Markey: Facebook Privacy Policy Changes for Teens Highlight Need for Do Not Track Kids Act

Contact: Giselle Barry (Markey) 2022242742

Yesterday, lawmaker and bipartisan group introduced legislation to protect children and teen online privacy

 

Washington (November 15, 2013) - After Facebook today announced it was moving forward with new privacy policies that force teens and other users to share more of their personal information more publicly, Senator Edward J. Markey (DMass.) released a statement calling for Congressional action on legislation that would protect children and teen privacy. Yesterday, Senator Markey, a member of the Commerce, Science and Transportation Committee, joined with a bipartisan group of lawmakers to introduce S. 1700, the ' Do Not Track Kids' Act . Among several provisions, the Do Not Track Kids Act would extend protection to teens ages 13 to 15 by prohibiting Internet companies from collecting personal and location information from teens without their consent and would create an "eraser button" so parents and children could eliminate publicly available personal information content, when technologically feasible. In September, Senator Markey called on the Federal Trade Commission to determine whether Facebook's proposed changes are a violation of the settlement agreement between the Commission and the company.

 

"The speed with which Facebook is pushing teens to share their sensitive, personal information widely and publicly online must spur Congress to act commensurately to put strong privacy protections on the books for teens and parents," said Senator Markey. "Now is the time to pass the bipartisan Do Not Track Kids Act so that children and teens don't have their information collected and sold to the highest bidder. Corporations like Facebook should not be profiting from the personal and sensitive information of children and teens, and parents and teens should have the right to control their personal information online."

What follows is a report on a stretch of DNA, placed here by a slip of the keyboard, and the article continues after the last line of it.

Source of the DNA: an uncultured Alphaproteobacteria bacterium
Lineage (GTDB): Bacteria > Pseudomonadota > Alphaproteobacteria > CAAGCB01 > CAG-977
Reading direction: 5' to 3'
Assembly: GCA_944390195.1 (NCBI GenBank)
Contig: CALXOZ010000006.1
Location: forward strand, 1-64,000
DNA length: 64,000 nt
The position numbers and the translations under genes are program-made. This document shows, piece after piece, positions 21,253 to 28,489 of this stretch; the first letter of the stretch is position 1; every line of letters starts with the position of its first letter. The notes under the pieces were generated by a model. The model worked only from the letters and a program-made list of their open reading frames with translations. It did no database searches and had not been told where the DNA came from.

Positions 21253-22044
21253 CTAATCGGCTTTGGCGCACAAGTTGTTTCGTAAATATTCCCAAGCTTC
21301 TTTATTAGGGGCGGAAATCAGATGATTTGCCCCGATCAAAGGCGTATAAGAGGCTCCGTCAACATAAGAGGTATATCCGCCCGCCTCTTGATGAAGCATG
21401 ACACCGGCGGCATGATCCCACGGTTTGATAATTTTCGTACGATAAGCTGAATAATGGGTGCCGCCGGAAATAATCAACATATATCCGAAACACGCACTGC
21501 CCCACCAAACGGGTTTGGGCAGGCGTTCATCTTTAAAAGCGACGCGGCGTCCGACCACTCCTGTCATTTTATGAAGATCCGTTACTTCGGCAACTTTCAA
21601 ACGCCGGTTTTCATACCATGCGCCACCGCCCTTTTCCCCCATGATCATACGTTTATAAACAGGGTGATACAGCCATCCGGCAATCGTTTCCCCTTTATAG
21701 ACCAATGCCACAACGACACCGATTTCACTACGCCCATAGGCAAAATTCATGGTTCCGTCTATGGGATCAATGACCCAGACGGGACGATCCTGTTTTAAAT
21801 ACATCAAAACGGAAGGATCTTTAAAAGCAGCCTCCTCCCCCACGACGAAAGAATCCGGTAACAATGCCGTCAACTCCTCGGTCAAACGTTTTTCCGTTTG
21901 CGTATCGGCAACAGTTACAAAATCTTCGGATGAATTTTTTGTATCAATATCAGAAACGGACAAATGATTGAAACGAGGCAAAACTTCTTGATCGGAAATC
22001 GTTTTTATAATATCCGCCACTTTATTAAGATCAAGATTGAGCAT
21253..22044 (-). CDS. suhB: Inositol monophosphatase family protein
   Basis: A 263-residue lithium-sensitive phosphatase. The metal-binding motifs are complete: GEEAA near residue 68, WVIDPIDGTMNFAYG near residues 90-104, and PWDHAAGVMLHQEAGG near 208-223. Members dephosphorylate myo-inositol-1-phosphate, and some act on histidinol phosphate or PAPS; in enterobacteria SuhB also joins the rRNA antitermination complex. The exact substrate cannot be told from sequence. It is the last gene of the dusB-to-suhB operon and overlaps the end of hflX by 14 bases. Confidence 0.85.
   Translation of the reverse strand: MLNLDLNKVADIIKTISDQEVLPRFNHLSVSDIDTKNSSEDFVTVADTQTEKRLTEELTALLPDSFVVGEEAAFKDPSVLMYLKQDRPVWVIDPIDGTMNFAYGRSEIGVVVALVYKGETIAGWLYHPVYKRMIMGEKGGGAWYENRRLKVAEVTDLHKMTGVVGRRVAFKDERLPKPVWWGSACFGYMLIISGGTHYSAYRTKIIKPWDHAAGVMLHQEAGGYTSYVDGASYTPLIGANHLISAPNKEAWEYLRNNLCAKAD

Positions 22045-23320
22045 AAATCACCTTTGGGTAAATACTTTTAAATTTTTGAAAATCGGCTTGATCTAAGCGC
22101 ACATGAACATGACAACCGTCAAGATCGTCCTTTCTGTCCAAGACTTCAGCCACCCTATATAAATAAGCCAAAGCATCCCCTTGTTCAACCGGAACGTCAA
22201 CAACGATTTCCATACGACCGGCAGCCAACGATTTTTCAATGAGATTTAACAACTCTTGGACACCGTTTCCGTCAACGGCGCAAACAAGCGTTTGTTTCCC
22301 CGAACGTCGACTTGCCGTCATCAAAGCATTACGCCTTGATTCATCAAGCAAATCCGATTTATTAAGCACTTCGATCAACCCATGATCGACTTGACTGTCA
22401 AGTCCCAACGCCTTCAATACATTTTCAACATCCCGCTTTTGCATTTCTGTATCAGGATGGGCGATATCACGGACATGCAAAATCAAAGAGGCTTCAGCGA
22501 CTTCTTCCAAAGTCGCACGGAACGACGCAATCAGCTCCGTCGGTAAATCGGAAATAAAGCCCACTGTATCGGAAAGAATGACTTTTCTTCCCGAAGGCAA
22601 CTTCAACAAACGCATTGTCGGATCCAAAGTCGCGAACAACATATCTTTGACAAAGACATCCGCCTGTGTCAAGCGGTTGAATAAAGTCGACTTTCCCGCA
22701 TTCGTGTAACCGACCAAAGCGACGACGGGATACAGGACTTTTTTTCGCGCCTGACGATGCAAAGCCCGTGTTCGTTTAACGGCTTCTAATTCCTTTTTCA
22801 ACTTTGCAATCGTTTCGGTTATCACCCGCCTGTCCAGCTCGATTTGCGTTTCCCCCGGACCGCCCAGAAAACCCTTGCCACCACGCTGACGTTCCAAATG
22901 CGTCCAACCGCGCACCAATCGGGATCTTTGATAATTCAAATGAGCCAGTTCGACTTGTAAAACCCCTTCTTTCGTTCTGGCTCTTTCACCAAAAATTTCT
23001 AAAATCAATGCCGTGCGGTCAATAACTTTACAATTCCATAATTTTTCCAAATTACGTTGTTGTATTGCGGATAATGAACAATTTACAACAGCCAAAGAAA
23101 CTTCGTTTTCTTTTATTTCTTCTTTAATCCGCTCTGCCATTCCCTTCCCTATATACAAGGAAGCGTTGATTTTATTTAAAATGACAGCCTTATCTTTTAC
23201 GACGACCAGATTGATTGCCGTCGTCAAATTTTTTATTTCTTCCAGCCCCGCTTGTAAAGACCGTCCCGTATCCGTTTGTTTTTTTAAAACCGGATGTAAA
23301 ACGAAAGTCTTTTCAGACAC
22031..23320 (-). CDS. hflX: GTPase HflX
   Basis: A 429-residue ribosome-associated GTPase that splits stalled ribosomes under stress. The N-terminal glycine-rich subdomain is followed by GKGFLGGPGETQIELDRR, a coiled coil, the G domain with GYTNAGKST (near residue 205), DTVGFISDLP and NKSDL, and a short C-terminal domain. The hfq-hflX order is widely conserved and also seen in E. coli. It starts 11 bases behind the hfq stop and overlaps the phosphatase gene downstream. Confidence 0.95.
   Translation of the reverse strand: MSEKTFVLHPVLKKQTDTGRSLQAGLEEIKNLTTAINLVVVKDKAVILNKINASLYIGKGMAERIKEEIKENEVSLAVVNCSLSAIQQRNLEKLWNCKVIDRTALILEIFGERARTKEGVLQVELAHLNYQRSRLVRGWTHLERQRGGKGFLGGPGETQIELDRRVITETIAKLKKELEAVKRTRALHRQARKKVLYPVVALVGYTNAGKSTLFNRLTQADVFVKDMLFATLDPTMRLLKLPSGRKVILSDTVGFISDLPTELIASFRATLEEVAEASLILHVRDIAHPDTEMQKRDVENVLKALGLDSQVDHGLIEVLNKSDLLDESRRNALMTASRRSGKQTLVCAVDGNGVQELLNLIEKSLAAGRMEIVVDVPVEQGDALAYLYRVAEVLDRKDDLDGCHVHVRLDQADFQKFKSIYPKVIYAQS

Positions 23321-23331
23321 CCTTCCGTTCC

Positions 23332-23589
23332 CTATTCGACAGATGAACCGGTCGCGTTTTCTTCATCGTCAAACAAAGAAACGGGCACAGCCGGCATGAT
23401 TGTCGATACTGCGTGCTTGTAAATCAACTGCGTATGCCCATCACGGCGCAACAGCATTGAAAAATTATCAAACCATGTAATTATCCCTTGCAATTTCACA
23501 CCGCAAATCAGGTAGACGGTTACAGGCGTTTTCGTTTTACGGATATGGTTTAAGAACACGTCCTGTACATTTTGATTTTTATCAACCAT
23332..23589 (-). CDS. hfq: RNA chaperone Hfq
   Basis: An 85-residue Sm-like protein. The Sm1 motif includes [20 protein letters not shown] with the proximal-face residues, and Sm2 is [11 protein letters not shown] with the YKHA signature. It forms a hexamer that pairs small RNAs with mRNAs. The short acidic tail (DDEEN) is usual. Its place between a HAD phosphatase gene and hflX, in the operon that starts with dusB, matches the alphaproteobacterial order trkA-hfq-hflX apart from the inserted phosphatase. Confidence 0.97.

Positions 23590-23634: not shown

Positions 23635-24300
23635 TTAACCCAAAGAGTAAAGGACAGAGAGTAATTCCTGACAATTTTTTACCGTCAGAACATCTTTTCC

The "Do Not Track Kids" Act strengthens privacy protections for children and teens by:

  • Prohibiting Internet companies from collecting personal and location information from anyone under 13 without parental consent and anyone 13 to 15 years old without the user's consent; 
  • Requiring consent of the parent or teen prior to sending targeted advertising to children and teens;   
  • Establishing a "Digital Marketing Bill of Rights for Teens" that limits the collection of personal information of teens, including geolocation information of children and teens;
  • Creating an "Eraser Button" for parents and children by requiring companies to permit users to eliminate publicly available personal information content when technologically feasible; and 
  • Requiring online companies to explain the types of personal information collected, how that information is used and disclosed, and the policies for collection of personal information.